On Saddam Hussein and Adolf Hitler

John E. Moser
Assistant Professor of History
Ashland University

[Note: I originally drafted this as a letter to the editor of the Collegian, but then decided that the Ashland University community had heard quite enough of my thoughts on the Iraq situation.  However, far be it from me to let anything I write go to waste--here it is, in all its glory.]
 

[Update, 22 April 2003: I was curious why this article, which appears only here and which I did absolutely nothing to promote, has resulted in my receiving e-mails from all over the world--some of it fan mail, some hate mail.  I asked my latest correspondent, a Frenchman, how he heard about it, and he informed me that a prominent online magazine in France linked to it, with a caption that translates as "An American academic reflects on the similarities between Hussein and Hitler."  So, a hearty welcome to visitors to my humble site....]

 
 
A recent letter to the editor in the Ashland University Collegian admonishes readers to “[c]hallenge those who say Hitler in the 1930s and Saddam Hussein in the 2000s are the same.”  Since back in November, in a debate on the justice of war with Iraq, I explicitly drew an analogy between the two situations, it seems likely that this comment was directed at least in part toward me.  And since I believe it is a misrepresentation of my position—albeit an understandable and no doubt honest one—I feel compelled to respond.

At no point have I argued that Hitler was the same as Saddam Hussein; indeed, no serious person—particularly an historian—would do so.  History never repeats itself in exactly the same way.  However, if we conclude from this there is no ground for comparison between the two cases, we implicitly reject the possibility of historical analogy.  In other words, we deny that we can learn anything from history.  It is this notion that I cannot accept.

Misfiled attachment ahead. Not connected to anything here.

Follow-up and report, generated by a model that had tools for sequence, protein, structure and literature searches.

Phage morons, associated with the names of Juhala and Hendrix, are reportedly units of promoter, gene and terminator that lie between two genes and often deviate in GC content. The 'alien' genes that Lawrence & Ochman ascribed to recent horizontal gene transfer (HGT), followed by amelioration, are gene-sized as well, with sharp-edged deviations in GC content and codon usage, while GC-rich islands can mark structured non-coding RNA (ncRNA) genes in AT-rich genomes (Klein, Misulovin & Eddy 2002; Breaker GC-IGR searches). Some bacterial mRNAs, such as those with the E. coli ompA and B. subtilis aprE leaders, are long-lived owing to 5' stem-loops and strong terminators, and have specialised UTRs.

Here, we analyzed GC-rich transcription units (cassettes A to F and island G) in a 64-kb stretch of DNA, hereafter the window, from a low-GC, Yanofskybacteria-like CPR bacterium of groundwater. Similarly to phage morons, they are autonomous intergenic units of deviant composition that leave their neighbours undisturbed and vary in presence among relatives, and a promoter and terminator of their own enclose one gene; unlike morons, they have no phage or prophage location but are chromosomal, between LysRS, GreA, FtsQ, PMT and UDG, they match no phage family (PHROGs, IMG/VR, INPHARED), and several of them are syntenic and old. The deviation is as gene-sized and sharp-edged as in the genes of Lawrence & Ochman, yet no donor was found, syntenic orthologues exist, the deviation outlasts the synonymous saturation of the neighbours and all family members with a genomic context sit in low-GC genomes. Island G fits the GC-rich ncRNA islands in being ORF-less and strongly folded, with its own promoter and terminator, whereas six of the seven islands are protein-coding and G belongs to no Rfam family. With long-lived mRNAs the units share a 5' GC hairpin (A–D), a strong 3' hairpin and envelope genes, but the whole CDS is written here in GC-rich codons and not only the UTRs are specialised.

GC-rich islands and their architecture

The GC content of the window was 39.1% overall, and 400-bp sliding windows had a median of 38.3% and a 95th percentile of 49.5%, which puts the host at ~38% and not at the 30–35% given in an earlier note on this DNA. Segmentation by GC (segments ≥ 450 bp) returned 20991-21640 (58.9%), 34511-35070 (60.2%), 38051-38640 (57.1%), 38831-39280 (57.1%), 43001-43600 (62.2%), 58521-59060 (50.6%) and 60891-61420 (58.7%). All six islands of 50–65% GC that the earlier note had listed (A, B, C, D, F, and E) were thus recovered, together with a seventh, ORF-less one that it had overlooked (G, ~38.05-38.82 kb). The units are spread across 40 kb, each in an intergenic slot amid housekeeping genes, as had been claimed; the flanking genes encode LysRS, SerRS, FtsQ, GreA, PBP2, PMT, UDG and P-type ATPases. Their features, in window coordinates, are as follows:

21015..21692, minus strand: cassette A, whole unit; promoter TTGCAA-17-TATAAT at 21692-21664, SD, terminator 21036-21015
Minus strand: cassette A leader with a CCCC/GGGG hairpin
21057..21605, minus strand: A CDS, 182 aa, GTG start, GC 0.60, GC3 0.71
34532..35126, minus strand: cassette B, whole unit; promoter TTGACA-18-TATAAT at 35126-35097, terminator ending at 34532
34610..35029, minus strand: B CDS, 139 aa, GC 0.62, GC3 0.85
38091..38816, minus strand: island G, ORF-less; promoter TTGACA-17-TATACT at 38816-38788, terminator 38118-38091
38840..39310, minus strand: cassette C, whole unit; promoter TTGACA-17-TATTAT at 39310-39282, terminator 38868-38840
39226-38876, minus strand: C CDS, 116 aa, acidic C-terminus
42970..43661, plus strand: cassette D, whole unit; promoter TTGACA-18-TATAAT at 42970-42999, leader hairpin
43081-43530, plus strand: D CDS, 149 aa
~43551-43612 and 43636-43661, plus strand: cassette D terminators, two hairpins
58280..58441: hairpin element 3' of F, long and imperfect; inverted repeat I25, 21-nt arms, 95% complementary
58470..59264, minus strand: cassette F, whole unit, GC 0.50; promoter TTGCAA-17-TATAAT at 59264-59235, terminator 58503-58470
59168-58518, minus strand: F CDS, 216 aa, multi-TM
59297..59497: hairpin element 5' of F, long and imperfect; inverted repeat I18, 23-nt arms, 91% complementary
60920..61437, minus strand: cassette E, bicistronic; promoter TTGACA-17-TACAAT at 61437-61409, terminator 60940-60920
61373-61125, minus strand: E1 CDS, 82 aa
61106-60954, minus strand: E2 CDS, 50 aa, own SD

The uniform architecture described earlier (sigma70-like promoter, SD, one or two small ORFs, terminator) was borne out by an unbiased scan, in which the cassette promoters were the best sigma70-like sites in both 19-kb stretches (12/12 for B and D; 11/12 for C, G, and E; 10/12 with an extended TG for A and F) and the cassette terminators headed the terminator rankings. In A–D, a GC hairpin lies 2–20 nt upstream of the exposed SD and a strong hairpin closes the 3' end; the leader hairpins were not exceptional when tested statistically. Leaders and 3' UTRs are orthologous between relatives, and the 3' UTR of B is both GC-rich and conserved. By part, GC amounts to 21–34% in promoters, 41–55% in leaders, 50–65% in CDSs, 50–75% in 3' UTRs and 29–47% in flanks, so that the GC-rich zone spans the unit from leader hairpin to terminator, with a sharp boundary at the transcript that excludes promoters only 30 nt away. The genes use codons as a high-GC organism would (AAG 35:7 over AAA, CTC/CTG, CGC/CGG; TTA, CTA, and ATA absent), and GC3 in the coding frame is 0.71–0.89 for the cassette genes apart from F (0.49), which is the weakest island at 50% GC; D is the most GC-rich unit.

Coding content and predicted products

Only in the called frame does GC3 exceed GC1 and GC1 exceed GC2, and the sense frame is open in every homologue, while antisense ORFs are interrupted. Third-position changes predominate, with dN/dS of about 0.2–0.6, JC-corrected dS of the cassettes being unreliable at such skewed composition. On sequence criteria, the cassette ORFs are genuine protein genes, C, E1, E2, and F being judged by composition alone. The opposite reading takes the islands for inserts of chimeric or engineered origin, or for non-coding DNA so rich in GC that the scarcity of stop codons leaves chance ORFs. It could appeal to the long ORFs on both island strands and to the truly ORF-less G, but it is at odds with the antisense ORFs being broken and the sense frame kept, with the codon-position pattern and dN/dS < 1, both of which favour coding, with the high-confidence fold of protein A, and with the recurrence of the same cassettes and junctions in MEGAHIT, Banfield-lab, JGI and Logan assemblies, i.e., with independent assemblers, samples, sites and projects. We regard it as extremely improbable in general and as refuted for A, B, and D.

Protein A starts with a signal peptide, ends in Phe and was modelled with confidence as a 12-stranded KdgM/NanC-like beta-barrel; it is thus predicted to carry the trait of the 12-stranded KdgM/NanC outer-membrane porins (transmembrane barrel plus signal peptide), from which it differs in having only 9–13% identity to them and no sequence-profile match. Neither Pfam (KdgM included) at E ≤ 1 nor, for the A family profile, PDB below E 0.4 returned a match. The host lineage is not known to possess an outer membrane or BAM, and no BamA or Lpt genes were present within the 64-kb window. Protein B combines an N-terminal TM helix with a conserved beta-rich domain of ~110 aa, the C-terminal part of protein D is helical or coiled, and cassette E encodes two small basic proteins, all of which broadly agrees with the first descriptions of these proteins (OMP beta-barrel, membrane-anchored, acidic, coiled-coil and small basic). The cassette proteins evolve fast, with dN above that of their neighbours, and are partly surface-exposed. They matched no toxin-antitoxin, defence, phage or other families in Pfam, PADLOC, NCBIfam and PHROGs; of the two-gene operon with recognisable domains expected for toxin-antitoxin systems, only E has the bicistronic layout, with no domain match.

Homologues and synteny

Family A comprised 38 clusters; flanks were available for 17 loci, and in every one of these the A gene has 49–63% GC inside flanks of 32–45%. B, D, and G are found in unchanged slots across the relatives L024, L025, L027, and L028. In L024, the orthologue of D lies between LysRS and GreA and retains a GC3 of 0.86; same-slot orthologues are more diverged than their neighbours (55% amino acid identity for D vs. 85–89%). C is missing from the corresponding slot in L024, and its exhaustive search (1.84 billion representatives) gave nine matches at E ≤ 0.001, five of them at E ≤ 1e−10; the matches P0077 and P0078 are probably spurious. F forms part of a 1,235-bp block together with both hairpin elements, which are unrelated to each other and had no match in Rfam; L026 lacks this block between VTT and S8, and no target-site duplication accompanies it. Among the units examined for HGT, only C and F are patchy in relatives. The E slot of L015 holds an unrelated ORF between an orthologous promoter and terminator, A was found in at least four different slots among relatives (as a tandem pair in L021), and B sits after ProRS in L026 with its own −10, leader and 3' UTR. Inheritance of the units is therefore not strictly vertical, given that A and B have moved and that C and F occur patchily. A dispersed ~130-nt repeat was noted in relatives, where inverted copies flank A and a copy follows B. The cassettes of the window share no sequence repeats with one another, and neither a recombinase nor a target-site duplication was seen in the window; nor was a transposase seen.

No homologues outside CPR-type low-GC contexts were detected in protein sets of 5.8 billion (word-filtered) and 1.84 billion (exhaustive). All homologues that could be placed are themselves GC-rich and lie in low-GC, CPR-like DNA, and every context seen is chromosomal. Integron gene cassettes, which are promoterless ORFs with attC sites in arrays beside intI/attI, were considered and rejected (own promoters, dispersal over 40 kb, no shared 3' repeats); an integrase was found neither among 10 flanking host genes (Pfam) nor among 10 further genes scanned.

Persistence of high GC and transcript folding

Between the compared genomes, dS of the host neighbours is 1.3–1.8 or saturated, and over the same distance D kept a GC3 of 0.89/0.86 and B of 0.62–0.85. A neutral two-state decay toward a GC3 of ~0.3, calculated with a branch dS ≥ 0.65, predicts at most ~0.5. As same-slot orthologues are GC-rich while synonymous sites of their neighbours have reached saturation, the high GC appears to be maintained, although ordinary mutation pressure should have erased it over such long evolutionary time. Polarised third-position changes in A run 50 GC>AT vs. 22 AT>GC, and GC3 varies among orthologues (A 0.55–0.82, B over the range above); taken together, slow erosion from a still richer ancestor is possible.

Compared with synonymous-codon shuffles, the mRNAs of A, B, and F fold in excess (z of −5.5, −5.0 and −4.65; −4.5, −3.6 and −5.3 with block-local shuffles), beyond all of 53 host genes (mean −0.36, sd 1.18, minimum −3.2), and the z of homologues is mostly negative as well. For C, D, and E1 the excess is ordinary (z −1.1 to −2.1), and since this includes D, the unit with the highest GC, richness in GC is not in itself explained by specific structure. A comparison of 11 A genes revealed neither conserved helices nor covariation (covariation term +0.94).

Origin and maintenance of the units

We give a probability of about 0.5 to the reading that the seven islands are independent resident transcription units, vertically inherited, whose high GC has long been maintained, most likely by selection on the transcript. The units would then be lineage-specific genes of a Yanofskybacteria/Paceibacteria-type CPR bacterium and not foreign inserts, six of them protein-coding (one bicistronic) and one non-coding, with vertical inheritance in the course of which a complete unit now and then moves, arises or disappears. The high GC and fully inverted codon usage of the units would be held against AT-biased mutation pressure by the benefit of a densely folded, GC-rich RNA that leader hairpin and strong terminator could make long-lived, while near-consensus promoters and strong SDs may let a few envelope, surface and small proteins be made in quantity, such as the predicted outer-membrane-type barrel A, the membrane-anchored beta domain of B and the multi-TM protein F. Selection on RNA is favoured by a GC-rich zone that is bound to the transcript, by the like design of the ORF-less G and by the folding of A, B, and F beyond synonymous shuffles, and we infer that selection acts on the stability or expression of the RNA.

No, Saddam Hussein is not Hitler; but then again, the Hitler of 1936 was not the Hitler of 1942.  In 1936 Hitler had committed no overt acts of aggression against anyone; nor had he begun the systematic mass-murder of Jews.  Yet he had already committed flagrant violations of the Treaty of Versailles—violations that made his later atrocities possible.  He could have been stopped earlier, but he was not.
 

What is even more striking is the similarity between the antiwar rhetoric used in the 1930s and that which we hear today.  Then, as now, pacifists claimed that the proposed war would benefit big business (today it is the oil industry that is demonized; then it was the arms manufacturers and international bankers).  Then, as now, they reminded their fellow citizens that the proposed enemy had not attacked anyone.  Indeed, they characterized them not as aggressors, but as victims of oppression (of the Versailles Treaty in Germany’s case, of the economic sanctions imposed in 1991 in the case of Iraq).  Then, as now, the opponents of war charged that “old men make war, and they send young men to kill and die.”  Then, as now, they claimed that war “will impact jobs, social programs, and the welfare of us all.”  Then, as now, they pointed out that both soldiers and civilians will die, perhaps in large numbers.  If all these things are true today, were they not also true in the 1930s?  And, if so, did the world do the right thing in refusing to disarm the Nazi regime early on?
 

No, Saddam Hussein is not Hitler, but he is an evil man who has demonstrated time and again that he has no respect for the territorial integrity of his neighbors (as seen by his invasion of Iran in the 1980s and Kuwait in 1990), the will of the international community (as seen in his cavalier disregard of numerous UN resolutions), or even his own people (as seen in his massacre of the Kurds and other opponents of his regime).  Moreover, the evidence suggests that this man has chemical and biological weapons, and may be close to developing nuclear ones as well.  If the precedent of Hitler does not apply here, then what does?


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